On monotony

Photo source

Monotony can be heavy, everything seems the same. It feels like you are wasting time, like you are not doing enough. It can feel as a torture and a failure at the same time. We had created so many distractions, most of which we don’t need. We live in the least bored and least capable to handle boredom age. We are hunters who don’t know how to hunt.

Long and heavy monotony. We feel prisoners while we are building the bars around ourselves. Diversity is not the prison, the prison is the constant craving for diversity.

The monotony of all days alike, the life passing in front of your eyes. Monotony like nothing you have ever experienced before, monotony for which you cannot blame yourself, you cannot change your habits, you cannot change monotony which has been imposed on you. A monotonous prison, a trap – the scary trap of you staying alone with your thoughts. A spiritual context uncalled for.

It is like the monotony of a drop falling in a bucket of water, the monotony of a sketch drawn during a monotonous meeting, the monotony of a train riding slowly through a grey landscape. It is painful mainly because you do not know when it will stop. No surprise, no variation, no escape. Nothing to wait for, except for the sameness of the past, current and next moments.

It is so unescapable that you only have two choices – embrace or despair.

Tibetans roll their prayer wheels …all…day…long. They just sit and watch and wait and roll Tibetan prayer wheels for hours on end, without expecting anything to happen. They just do it out of devotion, they find a sacred meaning in twisting the wheel, sending prayers to the sky via their sole consciousness. They immerse in the monotony of this activity, they manage to blur the world around them, they become part of the activity and are just present, in the privacy if their mind.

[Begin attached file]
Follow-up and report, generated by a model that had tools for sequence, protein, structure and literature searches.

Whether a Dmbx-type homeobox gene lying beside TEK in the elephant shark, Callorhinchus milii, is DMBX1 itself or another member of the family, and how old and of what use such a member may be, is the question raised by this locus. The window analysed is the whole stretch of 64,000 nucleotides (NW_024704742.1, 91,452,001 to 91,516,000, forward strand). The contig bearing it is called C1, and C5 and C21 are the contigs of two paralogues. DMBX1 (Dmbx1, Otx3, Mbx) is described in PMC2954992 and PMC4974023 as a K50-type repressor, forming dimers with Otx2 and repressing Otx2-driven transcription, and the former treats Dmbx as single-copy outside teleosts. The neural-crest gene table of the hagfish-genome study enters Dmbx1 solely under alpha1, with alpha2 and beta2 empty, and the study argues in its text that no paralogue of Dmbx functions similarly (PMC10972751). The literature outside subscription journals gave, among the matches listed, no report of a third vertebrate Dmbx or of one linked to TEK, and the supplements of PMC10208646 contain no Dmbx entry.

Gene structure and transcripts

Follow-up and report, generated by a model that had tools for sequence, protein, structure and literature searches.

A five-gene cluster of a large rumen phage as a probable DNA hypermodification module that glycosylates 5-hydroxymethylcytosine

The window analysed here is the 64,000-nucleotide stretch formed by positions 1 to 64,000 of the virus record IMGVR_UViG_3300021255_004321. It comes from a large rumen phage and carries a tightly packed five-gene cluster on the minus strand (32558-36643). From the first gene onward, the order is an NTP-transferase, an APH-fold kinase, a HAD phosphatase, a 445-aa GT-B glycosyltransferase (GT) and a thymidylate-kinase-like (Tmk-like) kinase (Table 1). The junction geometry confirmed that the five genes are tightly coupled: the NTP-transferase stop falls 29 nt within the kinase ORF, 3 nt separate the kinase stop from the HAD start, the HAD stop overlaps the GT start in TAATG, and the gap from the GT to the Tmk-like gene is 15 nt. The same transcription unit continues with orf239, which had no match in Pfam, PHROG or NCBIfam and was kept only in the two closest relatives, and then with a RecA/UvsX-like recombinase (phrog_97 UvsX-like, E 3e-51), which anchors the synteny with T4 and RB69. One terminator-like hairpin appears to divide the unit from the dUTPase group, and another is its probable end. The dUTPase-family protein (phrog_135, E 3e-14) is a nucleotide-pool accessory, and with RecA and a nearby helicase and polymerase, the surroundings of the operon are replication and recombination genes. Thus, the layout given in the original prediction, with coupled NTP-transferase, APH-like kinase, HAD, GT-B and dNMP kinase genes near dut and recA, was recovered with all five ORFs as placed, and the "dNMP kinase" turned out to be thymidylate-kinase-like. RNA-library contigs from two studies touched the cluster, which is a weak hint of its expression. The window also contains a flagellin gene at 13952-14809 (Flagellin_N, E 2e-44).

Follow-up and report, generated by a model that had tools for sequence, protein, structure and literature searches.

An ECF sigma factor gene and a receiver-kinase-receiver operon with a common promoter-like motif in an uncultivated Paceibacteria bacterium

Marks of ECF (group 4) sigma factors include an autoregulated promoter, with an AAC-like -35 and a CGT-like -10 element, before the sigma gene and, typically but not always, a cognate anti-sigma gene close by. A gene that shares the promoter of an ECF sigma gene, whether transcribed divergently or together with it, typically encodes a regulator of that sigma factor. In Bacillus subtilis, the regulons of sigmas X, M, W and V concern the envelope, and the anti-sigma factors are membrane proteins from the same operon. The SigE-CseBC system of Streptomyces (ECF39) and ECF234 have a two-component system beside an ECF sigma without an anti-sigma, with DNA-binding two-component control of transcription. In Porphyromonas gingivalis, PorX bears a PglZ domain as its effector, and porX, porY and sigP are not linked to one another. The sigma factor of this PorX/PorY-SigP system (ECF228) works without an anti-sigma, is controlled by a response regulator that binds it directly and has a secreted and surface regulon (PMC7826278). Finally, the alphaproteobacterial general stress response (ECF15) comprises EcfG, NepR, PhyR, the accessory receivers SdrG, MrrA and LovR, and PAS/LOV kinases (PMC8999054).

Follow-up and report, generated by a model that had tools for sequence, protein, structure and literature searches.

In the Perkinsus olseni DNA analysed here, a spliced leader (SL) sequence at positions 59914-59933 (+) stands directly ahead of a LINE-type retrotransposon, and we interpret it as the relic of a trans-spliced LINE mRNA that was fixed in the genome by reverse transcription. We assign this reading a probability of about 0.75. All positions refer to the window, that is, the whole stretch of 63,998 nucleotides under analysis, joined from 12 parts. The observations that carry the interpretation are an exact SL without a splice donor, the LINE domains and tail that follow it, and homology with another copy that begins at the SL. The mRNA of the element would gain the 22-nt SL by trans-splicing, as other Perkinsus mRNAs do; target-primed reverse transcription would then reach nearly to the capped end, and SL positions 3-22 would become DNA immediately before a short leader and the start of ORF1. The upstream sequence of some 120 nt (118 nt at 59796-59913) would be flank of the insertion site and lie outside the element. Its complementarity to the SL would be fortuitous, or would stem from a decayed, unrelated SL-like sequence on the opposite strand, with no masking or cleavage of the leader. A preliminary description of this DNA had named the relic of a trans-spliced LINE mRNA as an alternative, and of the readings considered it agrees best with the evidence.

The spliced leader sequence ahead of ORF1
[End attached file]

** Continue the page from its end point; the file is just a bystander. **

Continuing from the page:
Photo source, by author

Maybe if you make peace with monotony, you make peace with yourself.

We have come to think that monotony is unnatural. We have gotten addicted to excitement and keep craving for it when it is not there. What if monotony IS our natural state, and the excitement is the exception to the pattern, only when and if necessary? In the past, people did not question monotony – grandma woke up at 5am, milked the cow, fed the farm, collected the eggs, made the bread, worked in the house and in the garden, went to sleep when it got dark. To repeat the same the day after, while still managing to experience the essential feelings of love, devotion, curiosity, pain.

Monotony, sameness and boredom allow you to see beyond, to look for more. To connect with what is there, available around you. To connect with what is natural. To connect with the Earth. When there is no artificial distraction – we connect with the seasons, with the day, with the night, with the rain, with the sun, with every simple miraculous thing we have been taking for granted.

 

Take a few more tiny doses of life here.

Some related content:
On how to recognize a soul
On showing up with no mission
On being nice
On fear

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